California Primary 2010

It's that time again here in California. Primary season is upon us for the midterm elections and for our state governor's race as well as a few propositions. The climate both in the state and nationwide is going to make for some interesting results as I'm sure a few shocked and surprised liberals here are about to find out. Hot button issues of the day are pretty much the state's crippling debt and illegal immigration - which I don't see as separable. Just about all else is secondary since we simply can't sustain operating this way for much longer. Some say we're already past that point because of corrupt unions and incumbent office holders. I expect there's going to be a lot of political newbies floating around come November.

Television ads are coming hard and fast and both sides of the Republican governor's primary are slinging mud at each other like you wouldn't believe, calling each other liberals and both spitting out reams of citations to support their claims. Ironically in many cases it's the same sources both sides are using against each other. It looks very much like we're about to have a "lesser of two evils" result from our two front runners - Steve Poizner and Meg Whitman. Both of them are businesspeople. Poizner ran several successful software companies over the years and currently serves as the Insurance Commissioner for the state. Whitman was CEO of eBay up until November of 2007 and currently provides consulting support to various companies. She was also floated as a possibility for McCain's Secretary of the Treasury. Looking deeply into either one of these candidates doesn't lead to much of any real interest until you hit the illegal immigration issue. Poizner is looking to clamp down and start cutting away some of the benefits they get and supports the new Arizona law, while Whitman seems to be an amnesty advocate and has publicly stated she is against the Arizona law. That in mind, given there's nothing else really distinguishing, my vote goes to Steve Poizner. I'm sick of these illegals and the damage they're doing to our state and country and sure as hell won't vote for someone planning to give them amnesty!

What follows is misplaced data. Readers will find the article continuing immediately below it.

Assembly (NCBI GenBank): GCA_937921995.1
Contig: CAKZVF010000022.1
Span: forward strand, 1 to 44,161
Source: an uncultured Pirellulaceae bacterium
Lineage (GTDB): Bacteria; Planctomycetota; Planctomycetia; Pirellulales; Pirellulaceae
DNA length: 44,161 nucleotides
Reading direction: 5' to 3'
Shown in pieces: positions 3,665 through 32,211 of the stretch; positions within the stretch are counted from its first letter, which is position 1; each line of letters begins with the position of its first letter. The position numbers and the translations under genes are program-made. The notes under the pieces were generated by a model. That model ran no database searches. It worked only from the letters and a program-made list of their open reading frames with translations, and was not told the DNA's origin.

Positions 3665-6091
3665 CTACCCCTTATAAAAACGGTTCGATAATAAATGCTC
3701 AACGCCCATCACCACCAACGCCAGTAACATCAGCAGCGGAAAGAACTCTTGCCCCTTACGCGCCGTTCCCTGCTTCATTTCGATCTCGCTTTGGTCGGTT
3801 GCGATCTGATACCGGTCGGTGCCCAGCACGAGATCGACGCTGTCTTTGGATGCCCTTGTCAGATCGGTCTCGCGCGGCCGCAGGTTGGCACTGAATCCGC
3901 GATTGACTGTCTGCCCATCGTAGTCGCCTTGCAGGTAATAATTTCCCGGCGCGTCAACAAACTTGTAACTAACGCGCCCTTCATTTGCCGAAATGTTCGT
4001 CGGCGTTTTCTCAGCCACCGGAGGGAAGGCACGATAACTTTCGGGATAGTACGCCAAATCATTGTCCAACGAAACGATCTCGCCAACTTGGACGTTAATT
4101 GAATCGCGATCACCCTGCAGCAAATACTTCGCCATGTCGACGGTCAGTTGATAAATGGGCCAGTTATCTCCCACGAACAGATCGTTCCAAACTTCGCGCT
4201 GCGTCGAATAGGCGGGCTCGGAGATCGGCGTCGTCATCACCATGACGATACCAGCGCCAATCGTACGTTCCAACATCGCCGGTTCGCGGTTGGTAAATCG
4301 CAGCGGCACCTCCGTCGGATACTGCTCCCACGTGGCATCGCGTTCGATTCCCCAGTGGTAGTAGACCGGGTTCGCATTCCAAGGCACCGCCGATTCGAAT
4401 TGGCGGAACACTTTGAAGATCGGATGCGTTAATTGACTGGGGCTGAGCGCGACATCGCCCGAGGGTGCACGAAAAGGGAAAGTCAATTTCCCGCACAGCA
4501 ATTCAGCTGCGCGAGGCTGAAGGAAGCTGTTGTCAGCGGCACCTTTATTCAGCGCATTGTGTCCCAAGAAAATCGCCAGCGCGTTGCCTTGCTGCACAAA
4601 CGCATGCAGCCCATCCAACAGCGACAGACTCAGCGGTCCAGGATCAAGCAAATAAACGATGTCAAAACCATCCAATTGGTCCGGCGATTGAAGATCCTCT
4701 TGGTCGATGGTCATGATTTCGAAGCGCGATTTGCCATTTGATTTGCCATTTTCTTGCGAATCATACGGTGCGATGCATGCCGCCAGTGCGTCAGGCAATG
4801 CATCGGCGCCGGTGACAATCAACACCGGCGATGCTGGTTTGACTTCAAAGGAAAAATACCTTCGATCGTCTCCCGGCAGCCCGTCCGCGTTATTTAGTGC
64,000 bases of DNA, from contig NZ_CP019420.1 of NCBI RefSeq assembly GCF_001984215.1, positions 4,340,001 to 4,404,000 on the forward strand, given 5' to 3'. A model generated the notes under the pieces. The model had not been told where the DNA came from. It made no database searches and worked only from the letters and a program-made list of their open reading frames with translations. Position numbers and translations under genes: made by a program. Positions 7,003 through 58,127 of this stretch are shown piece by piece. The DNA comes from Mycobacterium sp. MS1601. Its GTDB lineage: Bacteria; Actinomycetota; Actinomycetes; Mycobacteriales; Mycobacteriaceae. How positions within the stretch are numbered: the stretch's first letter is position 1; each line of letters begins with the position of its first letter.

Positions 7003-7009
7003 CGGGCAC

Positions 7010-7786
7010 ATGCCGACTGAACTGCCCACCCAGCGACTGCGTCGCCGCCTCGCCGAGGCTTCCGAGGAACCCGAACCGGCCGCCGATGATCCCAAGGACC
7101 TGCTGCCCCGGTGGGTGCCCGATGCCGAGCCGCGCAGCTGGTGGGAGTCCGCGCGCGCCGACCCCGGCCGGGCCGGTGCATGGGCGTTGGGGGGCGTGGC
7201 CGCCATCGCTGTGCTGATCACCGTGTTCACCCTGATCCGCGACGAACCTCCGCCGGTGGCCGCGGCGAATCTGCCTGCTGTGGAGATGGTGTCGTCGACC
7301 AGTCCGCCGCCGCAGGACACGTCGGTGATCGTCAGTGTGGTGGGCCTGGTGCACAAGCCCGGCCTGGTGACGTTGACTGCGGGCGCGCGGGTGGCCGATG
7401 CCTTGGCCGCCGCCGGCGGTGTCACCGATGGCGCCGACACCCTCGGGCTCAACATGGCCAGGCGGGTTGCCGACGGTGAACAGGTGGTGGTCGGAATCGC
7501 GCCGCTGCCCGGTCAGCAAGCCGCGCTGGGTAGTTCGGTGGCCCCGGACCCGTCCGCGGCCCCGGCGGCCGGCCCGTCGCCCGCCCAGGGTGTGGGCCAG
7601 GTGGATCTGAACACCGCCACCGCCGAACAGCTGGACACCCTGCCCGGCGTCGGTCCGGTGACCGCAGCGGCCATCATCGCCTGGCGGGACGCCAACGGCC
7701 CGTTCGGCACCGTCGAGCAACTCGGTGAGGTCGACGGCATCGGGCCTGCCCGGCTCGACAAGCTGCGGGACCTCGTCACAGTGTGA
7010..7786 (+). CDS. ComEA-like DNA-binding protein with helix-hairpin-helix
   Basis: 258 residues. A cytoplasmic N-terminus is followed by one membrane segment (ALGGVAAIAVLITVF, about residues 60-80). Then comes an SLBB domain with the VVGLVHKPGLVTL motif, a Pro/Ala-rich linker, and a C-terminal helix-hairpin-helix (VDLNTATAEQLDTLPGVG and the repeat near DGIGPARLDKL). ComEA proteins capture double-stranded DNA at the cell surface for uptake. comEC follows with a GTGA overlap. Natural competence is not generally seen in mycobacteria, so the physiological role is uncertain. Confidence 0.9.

There's a bunch of unknowns running for other various state offices, so I won't bore anyone with the lotto style voting I did on those. Suffice it to say I tended toward voting for businesspeople where possible and for DA's in the judicial offices that are up for vote. Figured on hedging the bet with people who aren't inclined to hose business owners or be bleeding hearts on the bench.

The choices for who gets to run up against Barbara Boxer in November aren't much better. Four unknowns and then Carly Fiorina, who was the CEO at HP from 1999-2005. She seems to have the best shot at unseating Boxer, so might as well go with her.

Our local House race is pretty much a no-brainer. Gary G. Miller all the way. One of the few incumbents I'm willing to send back. He's demonstrated solid conservative principles and is dead set against any form of amnesty and has sponsored several bills in the past to strengthen border enforcement.

Now we arrive at the propositions, which are generally the more interesting things that go on around here. So let's get right to that:

Proposition 13 - Limits on Property Tax Assessment. Seismic Retrofitting of Existing Buildings. Legislative Constitutional Amendment.

Wow, that's a mouth full, right? Rather fitting in a way that this prop 13 is dealing with property taxation just like it's big brother from years past. The basic jist is that if your building needs to be retrofitted to comply with earthquake codes, it won't cause the property tax value to be reassessed. Right now this is a common trick which exploits a loophole in the existing Prop 13 protections. Prop 13 (2010) aims to close that loophole. Considering the state bleeds us to death already, this is a solid YES for me.

Proposition 14 - Elections, Increases Right to Participate in Primary Elections.

The title sounds good. Increases rights to vote in primaries. All well and good you might think. The problem is, this is an open primaries initiative. You know the type. The ones where Democrats can come over and vote for Republicans and Republicans can go vote for Democrats. Party primaries are supposed to be about who the PARTY wants to pick, not who the opposition wants to pick. I view this sort of thing as interference in a process that's working just fine, thanks. I don't want the libs to sabotage who I think is our best pick, and I don't think we should be able to go and sabotage the candidates they feel are their best picks. Stay the hell out of each other's business. This gets a NO vote from me.